Heliadae, in Greek mythology, is the name given to the seven sons of the god Helios and the sea nymph Rhode. Their names were Ochimus, Cercaphus, Macareus, Actis, Tenages, Triopas and Candalus. They had expertise in astrology and seamanship and were the ones that drove the Telchines (the original inhabitants of the island of Rhodes) out of the island. Tenages was the most skillful of all the brothers; out of jealousy, he was murdered by Macareus, Candalus, Triopas and Actis, who were then forced to flee the island. The remaining two brothers who did not get involved in the murder stayed in Rhodes and founded the city of Achaea. Ochimus became the ruler of the island, while Cercaphus married his brother's daughter and succeeded his brother. Cercaphus had three sons, Lindus, Ialysus and Camirus, who founded the eponymous cities on the island.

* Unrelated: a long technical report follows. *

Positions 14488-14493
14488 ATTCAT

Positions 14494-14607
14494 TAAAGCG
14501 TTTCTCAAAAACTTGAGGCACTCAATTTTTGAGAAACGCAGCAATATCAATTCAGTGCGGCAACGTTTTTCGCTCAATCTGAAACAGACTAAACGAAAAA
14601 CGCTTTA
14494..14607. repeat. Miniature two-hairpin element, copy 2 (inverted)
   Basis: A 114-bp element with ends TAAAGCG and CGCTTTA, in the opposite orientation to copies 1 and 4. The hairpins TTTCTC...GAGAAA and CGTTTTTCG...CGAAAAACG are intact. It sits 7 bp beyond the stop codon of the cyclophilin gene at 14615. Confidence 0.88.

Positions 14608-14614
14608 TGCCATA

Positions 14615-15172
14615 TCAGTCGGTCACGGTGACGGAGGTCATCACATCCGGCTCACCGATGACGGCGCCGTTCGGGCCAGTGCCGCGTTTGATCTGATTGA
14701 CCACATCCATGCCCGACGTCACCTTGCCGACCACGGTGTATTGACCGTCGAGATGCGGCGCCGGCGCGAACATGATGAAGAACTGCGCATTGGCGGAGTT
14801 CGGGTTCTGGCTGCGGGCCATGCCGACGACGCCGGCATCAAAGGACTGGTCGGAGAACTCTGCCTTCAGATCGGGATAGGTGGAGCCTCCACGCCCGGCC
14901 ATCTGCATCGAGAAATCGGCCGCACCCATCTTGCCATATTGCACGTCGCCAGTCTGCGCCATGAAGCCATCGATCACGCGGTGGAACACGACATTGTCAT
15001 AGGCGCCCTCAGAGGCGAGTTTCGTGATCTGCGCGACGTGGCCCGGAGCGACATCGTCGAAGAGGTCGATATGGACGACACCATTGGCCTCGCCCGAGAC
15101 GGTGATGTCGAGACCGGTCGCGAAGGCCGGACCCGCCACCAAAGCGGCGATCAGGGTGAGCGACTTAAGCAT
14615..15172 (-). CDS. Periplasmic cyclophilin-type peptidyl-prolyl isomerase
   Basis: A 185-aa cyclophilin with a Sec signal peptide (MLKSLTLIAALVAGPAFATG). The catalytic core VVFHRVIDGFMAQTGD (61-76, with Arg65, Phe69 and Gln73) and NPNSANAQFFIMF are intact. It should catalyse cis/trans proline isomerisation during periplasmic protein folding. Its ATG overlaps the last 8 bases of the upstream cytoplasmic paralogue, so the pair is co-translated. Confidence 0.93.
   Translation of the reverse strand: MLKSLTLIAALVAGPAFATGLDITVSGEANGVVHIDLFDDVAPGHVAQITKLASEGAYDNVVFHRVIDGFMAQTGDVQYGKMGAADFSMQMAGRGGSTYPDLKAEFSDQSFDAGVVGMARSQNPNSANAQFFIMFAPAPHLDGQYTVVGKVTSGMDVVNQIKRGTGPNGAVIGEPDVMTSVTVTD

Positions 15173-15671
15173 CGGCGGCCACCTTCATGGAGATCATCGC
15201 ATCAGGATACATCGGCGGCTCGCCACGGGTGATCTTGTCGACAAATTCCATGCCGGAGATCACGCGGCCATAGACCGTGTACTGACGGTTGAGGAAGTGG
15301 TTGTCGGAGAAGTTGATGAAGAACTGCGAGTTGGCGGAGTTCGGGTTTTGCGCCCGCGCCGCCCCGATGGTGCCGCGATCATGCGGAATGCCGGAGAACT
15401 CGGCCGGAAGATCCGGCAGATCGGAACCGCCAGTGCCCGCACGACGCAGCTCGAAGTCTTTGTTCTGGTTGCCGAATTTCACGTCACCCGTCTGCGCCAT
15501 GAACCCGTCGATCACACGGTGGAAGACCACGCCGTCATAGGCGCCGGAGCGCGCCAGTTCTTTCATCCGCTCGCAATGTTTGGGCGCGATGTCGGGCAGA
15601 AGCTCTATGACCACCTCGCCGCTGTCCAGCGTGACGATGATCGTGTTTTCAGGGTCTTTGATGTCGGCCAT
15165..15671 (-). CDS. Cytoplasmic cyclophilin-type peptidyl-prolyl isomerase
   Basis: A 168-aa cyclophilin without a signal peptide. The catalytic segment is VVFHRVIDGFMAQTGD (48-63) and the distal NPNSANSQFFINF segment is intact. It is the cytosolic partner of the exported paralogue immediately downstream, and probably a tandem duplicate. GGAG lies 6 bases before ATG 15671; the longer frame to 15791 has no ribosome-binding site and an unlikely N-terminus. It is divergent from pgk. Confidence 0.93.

Written by: The Editors of GreekMythology.com. GreekMythology.com editors write, review and revise subject areas in which they have extensive knowledge based on their working experience or advanced studies.
For MLA style citation use: GreekMythology.com, The Editors of Website. "Heliadae". GreekMythology.com Website, 29 Mar. 2015, https://www.greekmythology.com/Other_Gods/Minor_Gods/Heliadae/heliadae.html. Accessed 23 March 2023.